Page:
Keegan Hamilton contributed reporting.

Cover: Jesús Alfredo Guzmán Salazar (Image via DEA’s “most wanted fugitives” list)

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Here’s What JUUL Allegedly Thinks of Its Customers

JUUL’s marketing strategy over the years has essentially positioned the company as the Cool Girl of the tobacco industry; JUUL isn’t like the other girls that want to get people hooked on cigarettes that will eventually kill them, JUUL wants to hold its customers’ hands and lead them gently toward a better, and a claims-to-be…

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Here’s What JUUL Allegedly Thinks of Its Customers

JUUL’s marketing strategy over the years has essentially positioned the company as the Cool Girl of the tobacco industry; JUUL isn’t like the other girls that want to get people hooked on cigarettes that will eventually kill them, JUUL wants to hold its customers’ hands and lead them gently toward a better, and a claims-to-be healthier (yet unproven), lifestyle. Its branding and advertising has centered around the idea that cigarettes are bad and JUUL is good. “Make the Switch,” the company encouraged (until a month ago, when the company pivoted away from the slogan in a series of internal decisions). “We certainly don’t want youth using the product,” the company said, as it pulled flavors from shelves.

A lawsuit filed this week by Siddharth Breja, a former JUUL executive, makes it seem like the company never actually believed any of its own moral signaling. The lawsuit claims that former JUUL CEO Kevin Burns brushed off concerns that his company was shipping at least a million contaminated pods earlier this year, dismissing his customers as “drunk” people who “vape like mo-fos.” As BuzzFeed News reports, Breja alleges he was wrongfully terminated in March 2019 for raising concerns about the shipment of bad pods.

Are you a current or former JUUL employee? We’d love to hear from you. Using a non-work phone or computer, you can contact Hannah Smothers securely on Signal on (908) 485-7021, or email hannah.smothers@vice.com.

This is damning for a company that has held its nose above the fray of third-party and counterfeit pods, which JUUL has openly and consistently blamed for containing unregulated, potentially harmful contents. According to details from the lawsuit obtained by BuzzFeed News, in February 2019, Breja protested selling pods that were nearly a year old by the time they shipped, and asked the company to at least include an expiration or manufacture date on the packaging. Burns allegedly shot this down, saying, “Half our customers are drunk and vaping like mo-fos, who the fuck is going to notice the quality of our pods.”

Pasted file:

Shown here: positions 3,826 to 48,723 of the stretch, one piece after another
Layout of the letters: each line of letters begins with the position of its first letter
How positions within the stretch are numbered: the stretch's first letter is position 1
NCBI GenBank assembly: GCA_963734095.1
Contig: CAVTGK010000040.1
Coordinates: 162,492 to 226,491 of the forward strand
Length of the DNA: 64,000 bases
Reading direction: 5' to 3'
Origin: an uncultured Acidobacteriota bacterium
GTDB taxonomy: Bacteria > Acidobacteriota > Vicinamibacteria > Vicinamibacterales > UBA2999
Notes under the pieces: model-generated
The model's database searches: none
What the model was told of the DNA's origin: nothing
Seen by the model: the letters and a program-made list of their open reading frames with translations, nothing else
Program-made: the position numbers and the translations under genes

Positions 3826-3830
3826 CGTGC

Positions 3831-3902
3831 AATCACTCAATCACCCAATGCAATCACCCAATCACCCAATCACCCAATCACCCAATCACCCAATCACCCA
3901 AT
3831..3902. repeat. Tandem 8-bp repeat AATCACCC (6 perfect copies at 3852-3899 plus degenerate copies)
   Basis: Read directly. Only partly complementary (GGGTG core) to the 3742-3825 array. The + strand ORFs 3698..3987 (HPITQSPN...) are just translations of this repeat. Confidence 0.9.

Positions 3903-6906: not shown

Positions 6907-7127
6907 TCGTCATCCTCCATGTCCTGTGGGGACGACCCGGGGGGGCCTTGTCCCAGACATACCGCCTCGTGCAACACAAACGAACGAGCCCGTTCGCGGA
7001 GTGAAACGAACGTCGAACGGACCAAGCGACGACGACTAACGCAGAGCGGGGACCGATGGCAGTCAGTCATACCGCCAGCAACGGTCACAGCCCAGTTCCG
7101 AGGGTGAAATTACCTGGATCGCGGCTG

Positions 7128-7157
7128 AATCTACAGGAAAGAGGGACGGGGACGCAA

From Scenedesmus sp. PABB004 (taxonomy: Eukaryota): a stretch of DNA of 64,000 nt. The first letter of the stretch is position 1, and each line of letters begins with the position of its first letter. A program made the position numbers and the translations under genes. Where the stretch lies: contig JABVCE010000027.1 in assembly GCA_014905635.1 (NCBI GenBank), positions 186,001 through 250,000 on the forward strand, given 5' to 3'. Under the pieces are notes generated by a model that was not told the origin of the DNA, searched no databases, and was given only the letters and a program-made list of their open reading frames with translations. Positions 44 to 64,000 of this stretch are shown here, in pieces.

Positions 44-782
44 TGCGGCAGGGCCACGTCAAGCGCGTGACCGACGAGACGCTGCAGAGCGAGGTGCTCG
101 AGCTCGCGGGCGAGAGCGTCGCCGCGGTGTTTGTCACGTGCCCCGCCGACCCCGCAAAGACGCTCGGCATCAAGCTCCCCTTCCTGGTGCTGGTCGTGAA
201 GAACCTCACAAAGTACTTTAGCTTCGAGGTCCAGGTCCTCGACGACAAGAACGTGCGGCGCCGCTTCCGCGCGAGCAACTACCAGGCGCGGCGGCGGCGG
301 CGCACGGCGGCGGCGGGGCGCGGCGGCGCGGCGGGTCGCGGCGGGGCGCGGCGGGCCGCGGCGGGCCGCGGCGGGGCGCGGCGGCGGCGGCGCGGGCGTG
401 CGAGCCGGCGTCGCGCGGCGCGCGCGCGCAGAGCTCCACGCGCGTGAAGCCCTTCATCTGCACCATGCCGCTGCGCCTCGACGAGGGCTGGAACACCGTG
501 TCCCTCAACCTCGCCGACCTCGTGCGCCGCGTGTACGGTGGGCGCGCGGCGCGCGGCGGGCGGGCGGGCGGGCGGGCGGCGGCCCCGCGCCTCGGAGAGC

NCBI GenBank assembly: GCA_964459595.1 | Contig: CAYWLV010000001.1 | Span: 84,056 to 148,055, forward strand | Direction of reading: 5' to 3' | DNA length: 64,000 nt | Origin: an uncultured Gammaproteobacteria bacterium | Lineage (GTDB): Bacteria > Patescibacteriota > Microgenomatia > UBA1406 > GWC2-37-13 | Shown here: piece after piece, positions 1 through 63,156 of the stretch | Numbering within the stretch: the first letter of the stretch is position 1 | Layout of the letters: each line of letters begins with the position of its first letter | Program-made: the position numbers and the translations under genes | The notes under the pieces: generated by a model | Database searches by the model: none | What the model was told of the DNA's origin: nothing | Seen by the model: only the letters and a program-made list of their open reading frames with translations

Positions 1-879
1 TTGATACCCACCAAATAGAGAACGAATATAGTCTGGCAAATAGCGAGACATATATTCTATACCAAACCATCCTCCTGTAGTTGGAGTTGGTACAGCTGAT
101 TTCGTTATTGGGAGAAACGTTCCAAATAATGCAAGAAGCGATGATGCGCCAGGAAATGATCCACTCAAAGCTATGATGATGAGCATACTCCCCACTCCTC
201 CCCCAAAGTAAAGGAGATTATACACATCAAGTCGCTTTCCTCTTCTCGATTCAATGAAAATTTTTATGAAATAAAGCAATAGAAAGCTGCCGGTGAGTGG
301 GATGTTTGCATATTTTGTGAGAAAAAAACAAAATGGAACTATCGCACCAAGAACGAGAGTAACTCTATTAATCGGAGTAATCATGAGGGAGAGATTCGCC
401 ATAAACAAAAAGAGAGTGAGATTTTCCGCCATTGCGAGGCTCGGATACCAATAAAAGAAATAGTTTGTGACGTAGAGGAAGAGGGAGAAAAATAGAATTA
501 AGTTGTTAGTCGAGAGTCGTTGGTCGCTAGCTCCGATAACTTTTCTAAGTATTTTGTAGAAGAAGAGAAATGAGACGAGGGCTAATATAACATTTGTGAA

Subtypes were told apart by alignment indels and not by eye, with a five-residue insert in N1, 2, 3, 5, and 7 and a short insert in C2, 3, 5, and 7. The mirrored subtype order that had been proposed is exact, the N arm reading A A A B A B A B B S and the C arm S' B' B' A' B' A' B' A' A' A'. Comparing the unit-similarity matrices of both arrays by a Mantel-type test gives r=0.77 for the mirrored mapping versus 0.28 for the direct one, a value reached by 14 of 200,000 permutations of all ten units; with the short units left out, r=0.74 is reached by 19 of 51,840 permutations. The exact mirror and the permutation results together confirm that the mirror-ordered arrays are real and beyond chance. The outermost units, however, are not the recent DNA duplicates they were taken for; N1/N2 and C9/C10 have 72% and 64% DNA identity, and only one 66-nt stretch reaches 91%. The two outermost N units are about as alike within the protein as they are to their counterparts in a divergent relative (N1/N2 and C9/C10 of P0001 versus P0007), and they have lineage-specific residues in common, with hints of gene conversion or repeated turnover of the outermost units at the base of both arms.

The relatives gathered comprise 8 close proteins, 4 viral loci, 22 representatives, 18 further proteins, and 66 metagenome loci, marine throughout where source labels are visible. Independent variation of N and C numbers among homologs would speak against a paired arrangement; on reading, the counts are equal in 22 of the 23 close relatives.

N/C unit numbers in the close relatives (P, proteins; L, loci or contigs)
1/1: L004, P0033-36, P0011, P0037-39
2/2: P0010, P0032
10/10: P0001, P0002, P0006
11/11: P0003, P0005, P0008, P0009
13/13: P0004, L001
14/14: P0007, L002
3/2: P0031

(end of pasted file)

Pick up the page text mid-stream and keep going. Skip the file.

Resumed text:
The answer to that is… a lot of people. The problem with having an extremely devoted customer base is they tend to be a bit obsessed with the product. Stan culture misses nothing. A smattering of posts from the r/juul subreddit complain of declining pod quality; while these complaints aren’t necessarily related to the shipment mentioned in the lawsuit, they show how dedicated and attentive avid JUULers are. Posts from the subreddit routinely compare clarity of pod juice and complain of anything suspect, like leaking pods or pods that are already brown (signifying age, perhaps) when opened. It’s impossible to speak to the mental state of the people posting about pod quality online, but even if they are, in fact, “drunk and vaping like mo-fos,” they’re still very much noticing the quality of JUUL’s products.

Update: On Wednesday evening, a spokesman for Kevin Burns passed along the following statement to VICE: “I never said this, or anything remotely close to this, period. As CEO, I had the company make huge investments in product quality and the facts will show this claim is absolutely false and pure fiction.”

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There Is Such a Thing As Too Much Yoga

From not stress-eating entire tubes of unbaked crescent roll dough, to only smoking like one or two cigarettes, and only when you’re drunk, and only every two or three weeks, the key to living a healthy lifestyle lies in practicing moderation. The same goes for yoga, if this latest news is to be believed: A…

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There Is Such a Thing As Too Much Yoga

From not stress-eating entire tubes of unbaked crescent roll dough, to only smoking like one or two cigarettes, and only when you’re drunk, and only every two or three weeks, the key to living a healthy lifestyle lies in practicing moderation. The same goes for yoga, if this latest news is to be believed: A British physiotherapist named Benoy Matthews told BBC News that he has seen a rise in serious hip problems among yoga instructors. The problem lies with people pushing themselves too hard in an effort to achieve all the “prescribed” poses, even when your body is screaming “NO PLEASE NOT THE TRIPLE HEADSTAND WITH LOTUS LEGS I HAVE A WIFE AND KIDS” because it literally can’t stretch that far.